Waves of migrants are continuing to arrive on the shores of southern Italy from North Africa. After their dangerous journey across the Mediterranean, they face an unknown future in Europe. In the Sicilian city of Catania there is an activist dedicated to helping the refugees on their journey.
Video

Video Ten Years After Riots, France Searches for Answers to Neglected Suburbs

January’s terrorist attacks and fears of more to come are casting a spotlight on France’s neglected suburbs. Home to many immigrants, and sometimes hubs of crime, they were rocked by rioting a decade ago. Lisa Bryant visited the Paris suburb of Clichy-sous-Bois, where the 2005 violence first broke out, and has this report about what has changed and what has not.
Video

Video Gay Marriage Goes Before US Supreme Court

This week, the U.S. Supreme Court will hear arguments on whether gay people have a constitutional right to marriage. VOA’s Michael Bowman reports, the case could lead to the nationwide legalization of same-sex marriage, or a continuation of the status quo in which individual states decide whether to recognize gay unions.
Video

Video Study: Insecticide Damaging Wild Bee Populations

A popular but controversial type of insecticide is damaging important wild bee populations, according to a new study. VOA’s Steve Baragona has more.
Video

Video Data Servers Could Heat Private Homes

As every computer owner knows, when their machines run a complex program they get pretty hot. In fact, cooling the processors can be expensive, especially when you're dealing with huge banks of computer servers. But what if that energy could heat private homes? VOA’s George Putic reports that a Dutch energy firm aims to do just that.
Video

Video Cinema That Crosses Borders Showcased at Tribeca Film Festival

Among the nearly 100 feature length films being shown at this year’s Tribeca Film Festival in New York City are more than 20 documentaries and features with international appeal, from a film about a Congolese businessman in China, to documentaries shot in Pakistan and diaspora communities in the U.S., to a poetic look at disaffected South African youth. VOA’s Carolyn Weaver has more.
Video

Video UN Confronts Threat of Young Radicals

The radicalization and recruitment of young people into Islamist extremist groups has become a growing challenge for governments worldwide. On Thursday, the U.N. Security Council heard from experts on the issue, which has become a potent threat to international peace and security. VOA’s Margaret Besheer reports.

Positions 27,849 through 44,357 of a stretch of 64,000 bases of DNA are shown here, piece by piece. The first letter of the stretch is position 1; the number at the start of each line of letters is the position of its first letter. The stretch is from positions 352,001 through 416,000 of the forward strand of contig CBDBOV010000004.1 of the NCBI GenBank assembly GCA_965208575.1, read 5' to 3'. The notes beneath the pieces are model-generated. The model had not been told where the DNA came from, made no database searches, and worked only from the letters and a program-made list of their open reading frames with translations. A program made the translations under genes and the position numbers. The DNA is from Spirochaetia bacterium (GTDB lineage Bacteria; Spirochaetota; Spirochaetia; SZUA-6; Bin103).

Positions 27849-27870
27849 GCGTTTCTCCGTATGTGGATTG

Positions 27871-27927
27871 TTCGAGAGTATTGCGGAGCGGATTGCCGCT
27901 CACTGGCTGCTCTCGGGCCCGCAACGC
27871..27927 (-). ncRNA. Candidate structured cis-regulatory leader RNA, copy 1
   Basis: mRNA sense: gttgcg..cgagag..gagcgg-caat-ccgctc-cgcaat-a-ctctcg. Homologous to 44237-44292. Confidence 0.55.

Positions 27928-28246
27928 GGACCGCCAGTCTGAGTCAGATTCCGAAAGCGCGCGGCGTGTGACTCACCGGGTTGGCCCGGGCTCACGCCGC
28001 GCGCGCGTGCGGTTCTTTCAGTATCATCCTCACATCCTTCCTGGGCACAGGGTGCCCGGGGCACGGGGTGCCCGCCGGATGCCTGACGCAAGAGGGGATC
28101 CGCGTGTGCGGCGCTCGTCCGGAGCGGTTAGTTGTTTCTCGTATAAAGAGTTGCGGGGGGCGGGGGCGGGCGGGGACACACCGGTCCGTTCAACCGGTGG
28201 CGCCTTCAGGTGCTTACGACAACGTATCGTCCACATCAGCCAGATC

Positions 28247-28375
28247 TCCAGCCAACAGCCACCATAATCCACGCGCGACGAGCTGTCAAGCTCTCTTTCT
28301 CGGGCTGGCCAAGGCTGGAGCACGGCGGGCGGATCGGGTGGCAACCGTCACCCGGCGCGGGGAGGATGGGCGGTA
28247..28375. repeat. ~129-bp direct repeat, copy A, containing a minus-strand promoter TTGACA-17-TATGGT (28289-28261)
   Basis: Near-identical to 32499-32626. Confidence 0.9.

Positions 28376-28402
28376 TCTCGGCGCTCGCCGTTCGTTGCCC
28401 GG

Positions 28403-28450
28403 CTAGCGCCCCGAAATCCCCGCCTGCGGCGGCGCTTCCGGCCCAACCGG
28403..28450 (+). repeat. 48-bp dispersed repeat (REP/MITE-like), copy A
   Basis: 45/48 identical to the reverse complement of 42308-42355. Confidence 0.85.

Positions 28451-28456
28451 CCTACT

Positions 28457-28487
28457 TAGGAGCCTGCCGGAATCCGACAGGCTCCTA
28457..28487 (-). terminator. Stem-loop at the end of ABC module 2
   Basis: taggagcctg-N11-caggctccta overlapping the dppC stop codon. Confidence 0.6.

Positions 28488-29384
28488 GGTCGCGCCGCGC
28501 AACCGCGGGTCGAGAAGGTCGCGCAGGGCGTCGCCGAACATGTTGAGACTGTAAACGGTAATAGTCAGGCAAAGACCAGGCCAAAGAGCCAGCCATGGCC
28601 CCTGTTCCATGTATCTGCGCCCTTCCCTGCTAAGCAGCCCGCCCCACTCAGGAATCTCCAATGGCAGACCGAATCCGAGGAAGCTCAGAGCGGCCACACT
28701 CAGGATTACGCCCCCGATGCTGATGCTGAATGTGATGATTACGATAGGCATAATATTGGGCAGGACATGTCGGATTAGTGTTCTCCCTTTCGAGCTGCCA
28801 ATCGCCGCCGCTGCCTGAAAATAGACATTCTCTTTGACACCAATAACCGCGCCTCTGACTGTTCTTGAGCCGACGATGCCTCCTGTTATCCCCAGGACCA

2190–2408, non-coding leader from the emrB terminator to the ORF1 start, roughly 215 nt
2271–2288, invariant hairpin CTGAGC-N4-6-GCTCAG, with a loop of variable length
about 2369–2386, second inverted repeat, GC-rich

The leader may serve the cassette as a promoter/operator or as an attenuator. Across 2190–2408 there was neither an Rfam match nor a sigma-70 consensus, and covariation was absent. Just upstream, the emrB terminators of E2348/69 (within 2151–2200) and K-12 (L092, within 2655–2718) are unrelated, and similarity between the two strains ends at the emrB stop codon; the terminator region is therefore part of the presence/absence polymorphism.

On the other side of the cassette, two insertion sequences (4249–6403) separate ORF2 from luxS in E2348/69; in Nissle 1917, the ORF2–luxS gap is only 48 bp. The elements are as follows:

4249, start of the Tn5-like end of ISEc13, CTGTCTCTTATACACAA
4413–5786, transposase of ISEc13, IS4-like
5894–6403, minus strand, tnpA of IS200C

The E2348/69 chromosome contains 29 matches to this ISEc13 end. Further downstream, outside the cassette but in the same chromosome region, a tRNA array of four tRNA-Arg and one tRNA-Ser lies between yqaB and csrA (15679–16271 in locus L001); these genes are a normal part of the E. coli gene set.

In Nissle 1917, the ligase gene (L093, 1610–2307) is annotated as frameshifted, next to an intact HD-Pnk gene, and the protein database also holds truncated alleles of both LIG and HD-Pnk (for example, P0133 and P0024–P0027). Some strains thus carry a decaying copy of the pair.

Video

Video Growing Numbers of Turks Discover Armenian Ancestry

In a climate of improved tolerance, growing numbers of people in Turkey are discovering their grandmothers were Armenian. Hundreds of thousands of Armenians escaped the mass deportations and slaughter of the early 1900's by forced conversion to Islam. Or, Armenian children were taken in by Turkish families and assimilated. Now their stories are increasingly being heard. Dorian Jones reports from Istanbul that the revelations are viewed as an important step.
Video

Video Migrants Trek Through Western Balkans to Reach EU

Migrants from Africa and other places are finding different routes into the European Union in search of a better life. The Associated Press followed one clandestine group to document their trek through the western Balkans to Hungary. Zlatica Hoke reports that the migrants started using that route about four years ago. Since then, it has become the second-most popular path into Western Europe, after the option of sailing from North Africa to Italy.
Video

Video US Businesses See Cuba as New Frontier

The Obama administration's opening toward Cuba is giving U.S. companies hope they'll be able to do business in Cuba despite the continuation of the U.S. economic embargo against the communist nation. Some American companies have been able to export some products to Cuba, but the recent lifting of Cuba's terrorism designation could relax other restrictions. As VOA's Daniela Schrier reports, corporate heavy hitters are lining up to head across the Florida Straits - though experts urge caution.
Video

Video Kenya Launches Police Recruitment Drive After Terror Attacks

Kenya launched a major police recruitment drive this week as part of a large-scale effort to boost security following a recent spate of terror attacks. VOA’s Gabe Joselow reports that allegations of corruption in the process are raising old concerns about the integrity of Kenya’s security forces.
Video

Video Japan, China in Race for Asia High-Speed Rail Projects

A lucrative competition is underway in Asia for billions of dollars in high-speed rail projects. Cambodia, India, Indonesia, Malaysia Thailand and Vietnam are among the countries planning to move onto the fast track. They are negotiating with Japan and the upstart Chinese who are locked in a duel to revolutionize transportation across Asia. VOA Correspondent Steve Herman in Bangkok has details.
Video

Video Scientists: Mosquitoes Attracted By Our Genes

Some people always seem to get bitten by mosquitoes more than others. Now, scientists have proved that is really the case - and they say it’s all because of genes. It’s hoped the research might lead to new preventative treatments for diseases like malaria, as Henry Ridgwell reports from London.
Video

Video Bible Museum Coming to Washington DC

Washington is the center of American political power and also home to some of the nation’s most visited museums. A new one that will showcase the Bible has skeptics questioning the motives of its conservative Christian funders. VOA religion correspondent Jerome Socolovsky reports.
Video

Video Afghan First Lady Pledges No Roll Back on Women's Rights

Afghan First Lady Rula Ghani, named one of Time's 100 Most Influential, says women should take part in talks with Taliban. VOA's Rokhsar Azamee has more from Kabul.

VOA Blogs